According to Cooper (1991), most people are more concerned with the rights included in their citizenship status than they are in the responsibilities attached to those rights. When a private citizen chooses to serve as a public administrator, such as a civil servant, however, he or she is more apt to run into ethical conflicts which may complicate how best to serve their organizations while also taking care of their own personal rights and responsibilities. This paper will analyze the role of the public administrator in encouraging and promoting direct democracy in the United States by first describing the developments in American political history that support such a role and then by discussing the implications of that role for citizen participation.
Developments in American Political History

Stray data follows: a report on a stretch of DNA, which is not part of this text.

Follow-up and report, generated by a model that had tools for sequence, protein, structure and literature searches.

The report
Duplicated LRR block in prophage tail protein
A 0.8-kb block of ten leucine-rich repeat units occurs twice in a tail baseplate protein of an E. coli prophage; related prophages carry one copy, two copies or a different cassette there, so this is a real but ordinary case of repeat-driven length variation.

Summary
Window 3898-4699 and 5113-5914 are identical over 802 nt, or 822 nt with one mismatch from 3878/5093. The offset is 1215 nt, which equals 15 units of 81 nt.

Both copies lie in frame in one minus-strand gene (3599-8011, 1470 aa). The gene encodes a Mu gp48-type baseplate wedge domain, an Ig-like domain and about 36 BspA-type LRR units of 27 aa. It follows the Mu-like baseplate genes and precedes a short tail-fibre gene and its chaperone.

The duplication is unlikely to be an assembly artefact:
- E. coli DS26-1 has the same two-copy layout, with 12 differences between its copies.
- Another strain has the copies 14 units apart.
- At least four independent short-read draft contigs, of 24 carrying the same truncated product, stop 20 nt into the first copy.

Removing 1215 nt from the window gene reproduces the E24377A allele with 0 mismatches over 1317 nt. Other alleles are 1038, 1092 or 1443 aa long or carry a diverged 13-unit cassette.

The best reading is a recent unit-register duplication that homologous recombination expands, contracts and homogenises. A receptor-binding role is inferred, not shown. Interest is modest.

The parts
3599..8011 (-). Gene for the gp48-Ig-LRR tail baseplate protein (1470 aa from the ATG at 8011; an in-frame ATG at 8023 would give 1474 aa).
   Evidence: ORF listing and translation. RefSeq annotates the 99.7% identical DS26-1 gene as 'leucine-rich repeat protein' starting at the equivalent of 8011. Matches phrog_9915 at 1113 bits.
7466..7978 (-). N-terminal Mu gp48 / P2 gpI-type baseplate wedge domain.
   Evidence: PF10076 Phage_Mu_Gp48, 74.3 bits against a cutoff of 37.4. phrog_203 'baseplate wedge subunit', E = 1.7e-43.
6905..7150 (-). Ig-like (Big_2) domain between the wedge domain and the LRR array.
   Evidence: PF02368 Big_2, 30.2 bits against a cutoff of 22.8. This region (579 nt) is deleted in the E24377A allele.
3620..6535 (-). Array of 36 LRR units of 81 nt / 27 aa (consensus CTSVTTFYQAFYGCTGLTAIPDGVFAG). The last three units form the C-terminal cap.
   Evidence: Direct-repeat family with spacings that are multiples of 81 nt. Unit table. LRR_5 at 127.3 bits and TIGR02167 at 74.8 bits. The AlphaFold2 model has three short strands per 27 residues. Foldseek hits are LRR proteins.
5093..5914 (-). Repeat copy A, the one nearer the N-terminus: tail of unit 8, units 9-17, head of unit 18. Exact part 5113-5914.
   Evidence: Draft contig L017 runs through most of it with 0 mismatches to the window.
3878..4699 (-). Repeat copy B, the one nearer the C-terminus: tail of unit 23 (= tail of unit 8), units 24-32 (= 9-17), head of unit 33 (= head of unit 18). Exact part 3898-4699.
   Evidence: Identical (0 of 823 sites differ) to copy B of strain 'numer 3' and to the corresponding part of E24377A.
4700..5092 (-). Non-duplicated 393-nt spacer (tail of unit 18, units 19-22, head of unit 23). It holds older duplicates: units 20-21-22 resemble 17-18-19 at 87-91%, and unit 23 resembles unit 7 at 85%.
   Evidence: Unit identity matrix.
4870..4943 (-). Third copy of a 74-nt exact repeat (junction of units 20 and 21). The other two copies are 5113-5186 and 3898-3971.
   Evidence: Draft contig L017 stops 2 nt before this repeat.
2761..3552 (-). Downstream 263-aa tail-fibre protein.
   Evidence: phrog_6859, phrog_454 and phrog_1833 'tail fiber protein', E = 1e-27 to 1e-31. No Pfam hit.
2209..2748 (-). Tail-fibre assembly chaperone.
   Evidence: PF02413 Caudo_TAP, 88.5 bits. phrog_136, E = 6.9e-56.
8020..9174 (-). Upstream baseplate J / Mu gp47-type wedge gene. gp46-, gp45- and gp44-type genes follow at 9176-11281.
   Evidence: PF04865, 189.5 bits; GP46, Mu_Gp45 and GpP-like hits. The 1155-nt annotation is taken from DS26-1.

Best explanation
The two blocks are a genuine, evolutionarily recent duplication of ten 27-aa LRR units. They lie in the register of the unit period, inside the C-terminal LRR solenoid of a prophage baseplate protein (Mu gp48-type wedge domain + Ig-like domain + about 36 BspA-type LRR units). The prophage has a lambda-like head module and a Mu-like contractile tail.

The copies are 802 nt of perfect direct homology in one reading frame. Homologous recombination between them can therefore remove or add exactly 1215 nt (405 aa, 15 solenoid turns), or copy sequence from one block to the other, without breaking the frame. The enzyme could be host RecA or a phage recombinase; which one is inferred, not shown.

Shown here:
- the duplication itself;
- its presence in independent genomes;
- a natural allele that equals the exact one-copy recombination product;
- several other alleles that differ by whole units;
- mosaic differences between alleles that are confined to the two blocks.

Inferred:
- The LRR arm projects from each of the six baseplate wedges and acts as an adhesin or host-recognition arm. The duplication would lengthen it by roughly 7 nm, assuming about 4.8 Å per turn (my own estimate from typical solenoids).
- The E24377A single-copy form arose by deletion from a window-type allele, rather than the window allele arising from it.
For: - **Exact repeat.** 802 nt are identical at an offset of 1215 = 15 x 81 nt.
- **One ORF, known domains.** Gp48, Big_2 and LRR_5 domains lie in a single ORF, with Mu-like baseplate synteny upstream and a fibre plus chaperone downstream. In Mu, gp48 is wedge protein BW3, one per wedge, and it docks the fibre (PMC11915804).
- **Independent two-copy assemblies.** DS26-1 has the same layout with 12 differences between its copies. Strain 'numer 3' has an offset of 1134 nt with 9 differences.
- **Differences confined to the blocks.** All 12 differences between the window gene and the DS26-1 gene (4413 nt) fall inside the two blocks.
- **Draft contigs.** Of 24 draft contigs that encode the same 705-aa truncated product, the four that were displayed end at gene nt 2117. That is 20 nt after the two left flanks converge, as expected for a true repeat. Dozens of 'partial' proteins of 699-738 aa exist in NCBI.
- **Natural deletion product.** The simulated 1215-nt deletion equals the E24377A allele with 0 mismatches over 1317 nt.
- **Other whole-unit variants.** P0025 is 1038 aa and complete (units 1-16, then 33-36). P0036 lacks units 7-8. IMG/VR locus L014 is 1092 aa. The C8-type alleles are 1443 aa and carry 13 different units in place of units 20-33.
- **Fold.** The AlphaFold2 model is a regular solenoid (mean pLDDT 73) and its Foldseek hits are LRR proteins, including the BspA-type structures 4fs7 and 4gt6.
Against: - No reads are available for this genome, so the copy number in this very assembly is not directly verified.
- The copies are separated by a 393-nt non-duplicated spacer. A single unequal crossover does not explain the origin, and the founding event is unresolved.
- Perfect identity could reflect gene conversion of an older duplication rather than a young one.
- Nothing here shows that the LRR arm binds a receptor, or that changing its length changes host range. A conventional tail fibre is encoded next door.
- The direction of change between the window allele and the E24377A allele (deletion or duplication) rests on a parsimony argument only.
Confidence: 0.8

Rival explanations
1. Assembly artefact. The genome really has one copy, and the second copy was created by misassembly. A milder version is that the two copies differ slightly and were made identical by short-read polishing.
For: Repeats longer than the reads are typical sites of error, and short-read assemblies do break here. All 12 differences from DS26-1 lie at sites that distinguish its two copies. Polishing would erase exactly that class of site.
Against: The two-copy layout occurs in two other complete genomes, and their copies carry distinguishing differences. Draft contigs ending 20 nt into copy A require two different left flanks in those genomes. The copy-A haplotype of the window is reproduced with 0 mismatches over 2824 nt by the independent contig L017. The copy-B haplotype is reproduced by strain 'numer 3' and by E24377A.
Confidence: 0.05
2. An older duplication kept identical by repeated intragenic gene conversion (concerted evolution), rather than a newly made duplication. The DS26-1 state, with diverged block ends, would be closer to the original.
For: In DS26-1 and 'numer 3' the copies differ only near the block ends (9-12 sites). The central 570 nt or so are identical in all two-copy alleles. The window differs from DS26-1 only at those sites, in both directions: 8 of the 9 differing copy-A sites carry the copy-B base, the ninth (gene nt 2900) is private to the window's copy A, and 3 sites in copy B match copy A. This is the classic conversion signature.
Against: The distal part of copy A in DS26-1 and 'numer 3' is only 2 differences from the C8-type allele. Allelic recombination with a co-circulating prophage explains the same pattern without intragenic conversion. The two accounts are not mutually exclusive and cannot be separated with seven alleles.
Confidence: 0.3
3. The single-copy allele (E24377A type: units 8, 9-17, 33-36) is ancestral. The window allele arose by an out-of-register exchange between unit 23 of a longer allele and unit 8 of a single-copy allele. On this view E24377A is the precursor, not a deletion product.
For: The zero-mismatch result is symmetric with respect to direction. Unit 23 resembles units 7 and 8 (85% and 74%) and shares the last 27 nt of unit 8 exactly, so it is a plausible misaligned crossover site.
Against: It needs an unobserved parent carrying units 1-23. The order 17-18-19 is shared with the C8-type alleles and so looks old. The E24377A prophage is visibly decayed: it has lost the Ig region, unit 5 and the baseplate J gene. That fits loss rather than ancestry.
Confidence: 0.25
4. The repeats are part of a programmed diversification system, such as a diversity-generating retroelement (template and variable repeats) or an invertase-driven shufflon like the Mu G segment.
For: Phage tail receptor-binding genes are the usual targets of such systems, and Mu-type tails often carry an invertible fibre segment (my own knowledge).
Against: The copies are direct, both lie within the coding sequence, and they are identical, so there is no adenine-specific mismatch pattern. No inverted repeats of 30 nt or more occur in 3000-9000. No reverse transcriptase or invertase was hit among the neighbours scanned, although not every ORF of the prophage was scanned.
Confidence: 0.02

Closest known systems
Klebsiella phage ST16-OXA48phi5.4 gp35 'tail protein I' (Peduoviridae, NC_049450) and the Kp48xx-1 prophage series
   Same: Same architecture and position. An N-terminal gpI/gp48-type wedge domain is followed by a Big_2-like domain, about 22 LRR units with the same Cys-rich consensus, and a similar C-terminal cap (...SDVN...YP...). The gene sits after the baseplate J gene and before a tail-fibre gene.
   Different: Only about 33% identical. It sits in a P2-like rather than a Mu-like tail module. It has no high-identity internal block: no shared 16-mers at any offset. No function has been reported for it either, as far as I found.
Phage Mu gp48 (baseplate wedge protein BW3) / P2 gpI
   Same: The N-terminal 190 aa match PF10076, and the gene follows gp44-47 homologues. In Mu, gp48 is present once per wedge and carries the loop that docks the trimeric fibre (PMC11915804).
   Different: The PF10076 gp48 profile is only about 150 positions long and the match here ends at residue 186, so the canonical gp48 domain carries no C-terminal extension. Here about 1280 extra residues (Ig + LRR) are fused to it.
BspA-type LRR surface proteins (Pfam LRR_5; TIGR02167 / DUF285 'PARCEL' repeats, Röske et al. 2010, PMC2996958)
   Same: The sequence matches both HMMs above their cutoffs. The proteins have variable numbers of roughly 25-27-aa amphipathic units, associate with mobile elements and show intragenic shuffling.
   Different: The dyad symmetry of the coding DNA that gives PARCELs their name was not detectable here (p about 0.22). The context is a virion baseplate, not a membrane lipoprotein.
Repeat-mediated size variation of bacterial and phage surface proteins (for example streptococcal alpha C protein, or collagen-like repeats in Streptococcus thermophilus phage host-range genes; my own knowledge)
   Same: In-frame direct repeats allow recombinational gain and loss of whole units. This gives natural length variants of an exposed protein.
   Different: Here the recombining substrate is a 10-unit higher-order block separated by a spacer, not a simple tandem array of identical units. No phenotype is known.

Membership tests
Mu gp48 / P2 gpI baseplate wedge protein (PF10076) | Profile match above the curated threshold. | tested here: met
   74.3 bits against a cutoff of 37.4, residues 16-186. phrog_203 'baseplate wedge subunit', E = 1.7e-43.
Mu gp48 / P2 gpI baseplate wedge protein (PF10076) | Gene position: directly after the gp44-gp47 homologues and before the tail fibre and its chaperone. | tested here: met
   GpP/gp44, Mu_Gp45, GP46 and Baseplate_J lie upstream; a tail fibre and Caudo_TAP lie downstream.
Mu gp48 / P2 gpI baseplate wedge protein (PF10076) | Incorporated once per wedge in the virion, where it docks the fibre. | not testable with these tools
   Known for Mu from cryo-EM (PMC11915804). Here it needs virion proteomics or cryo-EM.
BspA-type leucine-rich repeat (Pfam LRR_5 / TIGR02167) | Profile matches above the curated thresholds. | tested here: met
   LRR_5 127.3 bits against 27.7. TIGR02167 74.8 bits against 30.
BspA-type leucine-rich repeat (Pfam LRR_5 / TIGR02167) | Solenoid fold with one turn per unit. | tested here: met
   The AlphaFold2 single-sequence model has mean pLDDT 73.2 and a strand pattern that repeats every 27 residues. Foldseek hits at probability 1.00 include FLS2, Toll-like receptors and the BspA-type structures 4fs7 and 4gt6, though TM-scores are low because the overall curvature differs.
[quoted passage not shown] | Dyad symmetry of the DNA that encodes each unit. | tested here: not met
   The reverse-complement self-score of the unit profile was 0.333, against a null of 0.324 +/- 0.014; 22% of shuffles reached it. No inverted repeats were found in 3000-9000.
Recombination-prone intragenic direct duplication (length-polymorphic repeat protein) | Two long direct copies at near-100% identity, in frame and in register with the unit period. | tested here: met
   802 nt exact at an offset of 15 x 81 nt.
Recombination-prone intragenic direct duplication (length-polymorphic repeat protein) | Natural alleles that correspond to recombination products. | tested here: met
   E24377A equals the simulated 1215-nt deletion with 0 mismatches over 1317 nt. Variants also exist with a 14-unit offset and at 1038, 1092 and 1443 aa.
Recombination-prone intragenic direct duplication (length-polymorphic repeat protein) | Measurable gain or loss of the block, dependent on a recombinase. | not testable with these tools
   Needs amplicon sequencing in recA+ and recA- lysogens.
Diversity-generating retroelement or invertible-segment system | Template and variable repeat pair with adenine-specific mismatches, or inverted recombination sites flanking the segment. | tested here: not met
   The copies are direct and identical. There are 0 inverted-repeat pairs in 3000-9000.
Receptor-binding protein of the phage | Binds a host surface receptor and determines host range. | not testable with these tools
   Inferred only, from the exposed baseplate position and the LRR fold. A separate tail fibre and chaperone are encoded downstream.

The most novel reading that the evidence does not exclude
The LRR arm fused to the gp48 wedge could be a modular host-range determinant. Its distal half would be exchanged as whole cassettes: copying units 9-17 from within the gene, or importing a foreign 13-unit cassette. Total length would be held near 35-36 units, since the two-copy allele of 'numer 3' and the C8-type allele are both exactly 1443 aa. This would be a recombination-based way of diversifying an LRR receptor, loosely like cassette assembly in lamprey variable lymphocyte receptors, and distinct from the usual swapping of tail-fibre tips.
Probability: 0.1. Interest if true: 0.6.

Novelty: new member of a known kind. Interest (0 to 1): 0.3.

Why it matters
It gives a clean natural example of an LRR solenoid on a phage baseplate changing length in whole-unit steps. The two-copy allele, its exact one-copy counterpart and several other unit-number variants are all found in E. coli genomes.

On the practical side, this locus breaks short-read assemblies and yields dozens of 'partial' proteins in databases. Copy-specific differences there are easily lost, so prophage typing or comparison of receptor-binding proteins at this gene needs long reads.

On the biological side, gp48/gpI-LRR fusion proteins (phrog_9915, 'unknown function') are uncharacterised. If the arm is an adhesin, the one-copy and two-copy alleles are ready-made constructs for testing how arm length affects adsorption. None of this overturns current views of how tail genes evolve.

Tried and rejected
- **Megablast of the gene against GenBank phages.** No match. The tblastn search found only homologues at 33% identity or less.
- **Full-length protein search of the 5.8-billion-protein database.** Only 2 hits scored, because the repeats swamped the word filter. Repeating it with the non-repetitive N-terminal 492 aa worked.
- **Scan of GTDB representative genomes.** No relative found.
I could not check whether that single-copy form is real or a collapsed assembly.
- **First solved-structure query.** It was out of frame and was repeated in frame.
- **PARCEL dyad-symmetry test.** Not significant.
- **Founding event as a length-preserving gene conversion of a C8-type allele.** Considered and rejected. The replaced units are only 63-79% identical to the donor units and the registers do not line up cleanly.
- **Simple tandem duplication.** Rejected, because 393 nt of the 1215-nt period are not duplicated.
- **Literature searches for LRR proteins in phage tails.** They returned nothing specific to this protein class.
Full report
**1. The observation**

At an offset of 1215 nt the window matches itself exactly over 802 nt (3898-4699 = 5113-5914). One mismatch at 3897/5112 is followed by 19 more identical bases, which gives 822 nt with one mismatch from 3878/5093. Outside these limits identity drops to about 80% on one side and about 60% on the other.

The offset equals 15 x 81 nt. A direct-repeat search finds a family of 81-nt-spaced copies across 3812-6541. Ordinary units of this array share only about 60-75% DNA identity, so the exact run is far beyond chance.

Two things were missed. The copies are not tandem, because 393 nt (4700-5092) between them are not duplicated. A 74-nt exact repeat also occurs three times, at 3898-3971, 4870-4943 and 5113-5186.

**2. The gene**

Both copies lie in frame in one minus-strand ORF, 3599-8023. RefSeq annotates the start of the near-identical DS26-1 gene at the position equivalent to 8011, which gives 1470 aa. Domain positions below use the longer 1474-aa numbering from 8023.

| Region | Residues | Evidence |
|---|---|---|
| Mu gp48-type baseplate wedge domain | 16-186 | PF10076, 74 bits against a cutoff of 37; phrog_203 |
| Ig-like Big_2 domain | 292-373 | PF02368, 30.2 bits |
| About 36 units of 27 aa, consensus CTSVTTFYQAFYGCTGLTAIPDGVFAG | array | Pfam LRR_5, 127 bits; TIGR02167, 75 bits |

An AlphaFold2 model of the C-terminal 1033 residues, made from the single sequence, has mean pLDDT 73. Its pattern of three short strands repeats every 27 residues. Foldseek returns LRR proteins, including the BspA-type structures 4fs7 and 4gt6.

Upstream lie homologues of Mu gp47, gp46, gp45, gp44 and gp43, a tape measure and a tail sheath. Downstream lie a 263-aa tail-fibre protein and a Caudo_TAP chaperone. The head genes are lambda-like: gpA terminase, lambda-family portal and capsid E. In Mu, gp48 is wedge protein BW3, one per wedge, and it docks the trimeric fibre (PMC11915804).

Before the United States was established there was a debate as to the role a citizen played in the community and government. As seen by Coke, a citizen was seen as someone who owed unquestionable allegiance to the ruler, in return the ruler promised to protect the citizen. Locke asserted, however, that since all people are considered equal under God, all are equally capable of carrying out responsibilities for supporting the community. Reasonably then, it makes more sense to appoint people who represent the needs of the community to carry out those responsibilities (Cooper, 1991). It was the community, according to Locke, that determined right of citizenship and the extent of the government. By consent of the community and as representatives of the community, the government carried out the responsibilities and obligations of the community (1991).
It was this reasoning that determined the action of British subjects to decide to cleave their alliance with Britain and begin their own community called the United States. Those who framed the Constitution themselves believed in a more limited role on the part of the citizenry in the...